of service duration by looking for differences in children’s change trajectories during different periods of treatment. Taken together, these features produced a better understanding of participants’ changes as they moved through the program and provided useful information for evaluation, treatment planning, and policy. Research question and hypotheses In sum, the current study asked “What was the course, rate, and significance of change in children’s day-to-day functioning during two years of CPSR as measured by the CAFAS (Hodges, 2000a)?” We tested three hypotheses. The first related to participants’ rate of change during CPSR: participants’ functioning will improve significantly during their participation in the program. The second focused on the course of change: participants’ functioning will improve rapidly during the first 12 months of treatment and slowly during the subsequent 8 months of treatment. Our third hypothesis related to the difference in participants’ level of functioning at two points in time: after 16 and 24 months of CPSR, participants’ day-to-day functioning will be significantly improved over their initial status.

METHOD Design This study used a retrospective 7-wave panel design diagrammed as O1 x O2 x O3 x O4 x O5 x O6 x O7 (x = CPSR). Outcome observations (CAFAS ratings) were conducted by CPSR treatment staff during the course of treatment; specifically, at intake and every four months thereafter. These data were subsequently gathered from clients’ medical charts by the researchers. The study period spanned 24 months; this timeframe was deemed sufficient to capture significant trends and counter-trends in participants’ functioning during CPSR. In order to inform questions of service duration (i.e. “How long should CPSR treatment last?”) we compared children’s change trajectory during the first 12 months of the study (O1, O2, O3, O4) to the trajectory during the last 8 months of the study (O5, O6, O7). The comparison periods were chosen after visual inspection of children’s change trajectories suggested that functioning leveled off significantly beyond the 12-month mark. Participants Participants were 49 clinic-referred children, aged 7 to 17 years (M = 11.5, SD = 2.9, min = 7, max = 17), who participated in CPSR. Inclusion criteria limited the study to CPSR participants aged 7 years or older, with two years or more of treatment. The sample included all youth who met inclusion criteria at the study site as of October 2007. Participants were diagnosed with SED, as defined by (a) one or more psychiatric diagnoses according to the most recent edition of the Diagnostic and Statistical Manual of Mental Disorders (4th ed. Text Revision, American Psychiatric Association, 2000), (b) a total CAFAS score of 80 or higher, and (c) a 20 on any one of three CAFAS subscales: Moods/ Emotions, Self-harm, or Thinking. The most common primary psychiatric diagnoses were any type of Attention Deficit/ Hyperactivity Disorder (31%) or anxiety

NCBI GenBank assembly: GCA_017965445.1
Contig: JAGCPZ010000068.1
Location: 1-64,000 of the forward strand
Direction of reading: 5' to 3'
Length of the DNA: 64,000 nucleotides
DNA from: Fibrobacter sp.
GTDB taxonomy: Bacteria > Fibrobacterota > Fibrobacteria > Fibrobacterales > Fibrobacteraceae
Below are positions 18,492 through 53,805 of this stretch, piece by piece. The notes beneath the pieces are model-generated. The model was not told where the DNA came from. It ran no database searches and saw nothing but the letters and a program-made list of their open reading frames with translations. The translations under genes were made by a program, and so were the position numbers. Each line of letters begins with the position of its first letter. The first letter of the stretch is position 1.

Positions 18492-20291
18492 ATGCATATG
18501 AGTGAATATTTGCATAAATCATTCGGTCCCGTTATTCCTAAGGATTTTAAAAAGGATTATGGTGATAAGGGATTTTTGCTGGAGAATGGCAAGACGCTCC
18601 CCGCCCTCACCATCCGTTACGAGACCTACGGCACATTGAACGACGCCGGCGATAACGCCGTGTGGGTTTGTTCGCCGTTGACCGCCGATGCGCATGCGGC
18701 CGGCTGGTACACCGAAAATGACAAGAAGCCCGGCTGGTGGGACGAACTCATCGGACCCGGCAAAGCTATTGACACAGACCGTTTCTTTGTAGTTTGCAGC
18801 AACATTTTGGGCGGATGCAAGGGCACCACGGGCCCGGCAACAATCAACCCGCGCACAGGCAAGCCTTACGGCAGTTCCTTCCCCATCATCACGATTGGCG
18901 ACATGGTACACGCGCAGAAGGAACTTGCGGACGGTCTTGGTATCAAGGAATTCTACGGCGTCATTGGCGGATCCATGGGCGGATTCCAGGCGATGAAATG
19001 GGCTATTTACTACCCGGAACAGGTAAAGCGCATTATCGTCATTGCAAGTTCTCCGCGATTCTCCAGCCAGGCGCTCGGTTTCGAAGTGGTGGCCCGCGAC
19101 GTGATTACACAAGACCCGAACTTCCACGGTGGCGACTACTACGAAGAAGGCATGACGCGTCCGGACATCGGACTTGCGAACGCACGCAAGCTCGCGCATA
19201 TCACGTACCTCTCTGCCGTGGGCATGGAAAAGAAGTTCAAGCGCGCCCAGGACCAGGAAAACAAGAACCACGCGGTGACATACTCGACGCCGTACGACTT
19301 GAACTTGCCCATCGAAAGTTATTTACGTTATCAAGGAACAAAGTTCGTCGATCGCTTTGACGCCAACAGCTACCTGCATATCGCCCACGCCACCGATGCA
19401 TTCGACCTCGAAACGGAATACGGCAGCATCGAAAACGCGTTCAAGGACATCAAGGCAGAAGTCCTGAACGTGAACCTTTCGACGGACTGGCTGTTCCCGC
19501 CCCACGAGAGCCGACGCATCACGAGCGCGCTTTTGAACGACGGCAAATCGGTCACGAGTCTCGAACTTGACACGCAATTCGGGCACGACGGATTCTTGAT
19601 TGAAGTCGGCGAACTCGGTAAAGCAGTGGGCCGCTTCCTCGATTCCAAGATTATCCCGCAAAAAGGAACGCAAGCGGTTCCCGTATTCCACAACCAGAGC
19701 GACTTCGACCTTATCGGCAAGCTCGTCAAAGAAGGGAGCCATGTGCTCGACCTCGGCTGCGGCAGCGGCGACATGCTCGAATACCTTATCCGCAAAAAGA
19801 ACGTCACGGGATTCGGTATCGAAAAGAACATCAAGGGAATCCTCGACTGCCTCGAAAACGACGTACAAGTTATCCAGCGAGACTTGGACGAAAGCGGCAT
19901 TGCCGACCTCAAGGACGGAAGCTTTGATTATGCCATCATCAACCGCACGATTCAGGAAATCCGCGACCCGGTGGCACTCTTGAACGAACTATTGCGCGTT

disorder (31%), including Posttraumatic Stress Disorder. Mood and depressive disorders were also common (14% and 12%, respectively). The mean number of diagnoses in the sample was 1.61 (SD = .67, min = 1, max = 3). Diagnoses came from community practitioners who saw the children during the course of routine clinical practice in a community mental health clinic. The sample was predominantly Caucasian (82%) and male (63%). The racial diversity of the sample was limited (10% Hispanic, 8% “Other”), reflecting a lack of diversity in the surrounding geographic area (U.S. Census Bureau, 2008). A large majority of participants lived with their biological families (84%); 12% lived in foster care, and 4% were adopted. All participants’ families had low annual incomes which met guidelines to qualify for Idaho Medicaid. Study site The study took place at a large, for-profit, children’s mental health clinic that specializes in the treatment of youth with SED. Located in southwestern Idaho, the clinic primarily serves Canyon County (estimated 2006 population = 173,302; U. S. Census Bureau, 2008), one of the more populous regions in a largely rural state. Clinic referrals came from pediatricians, schools, juvenile justice, child welfare, and word-of-mouth. The majority of participants served at the clinic meet income guidelines to qualify for Idaho Medicaid. In order to ensure the protection of human subjects, we obtained ethical review, oversight, and approval for the study from the Administrative Oversight Committee at the clinic where the study took place. Because the data were archival, stored in a retrieval system without identifiers, and not originally intended for research purposes, the risk to participants was minimal. Children’s Psychosocial Rehabilitation CPSR programs differ considerably across the State of Idaho and beyond. Idaho State guidelines require that CPSR providers undergo a credentialing process in which their records are audited to ensure appropriate documentation of services and compliance with Idaho Administrative Code (Idaho Administrative Code, Dept. of Health and Welfare, Code number –, 2006). In addition, all CPSR services must be prior authorized by regional mental health authorities, which ensure that clients meet enrollment criteria for CPSR and that proposed CPSR service plans comply with code. The practice parameters outlined in Idaho Administrative Code (2006) define minimum standards for program quality and practice; they do not operationally define CPSR interventions or program features in great detail. As an example, the Code specifies minimum educational requirements for CPSR Specialists (bachelor’s degree or higher in behavioral science, education or medicine), but does not outline specific preservice training requirements. The code requires CPSR Specialists to be supervised weekly, but does not dictate the format or amount of supervision they should receive. Because of this, CPSR programs vary considerably in terms of quality, staffing, training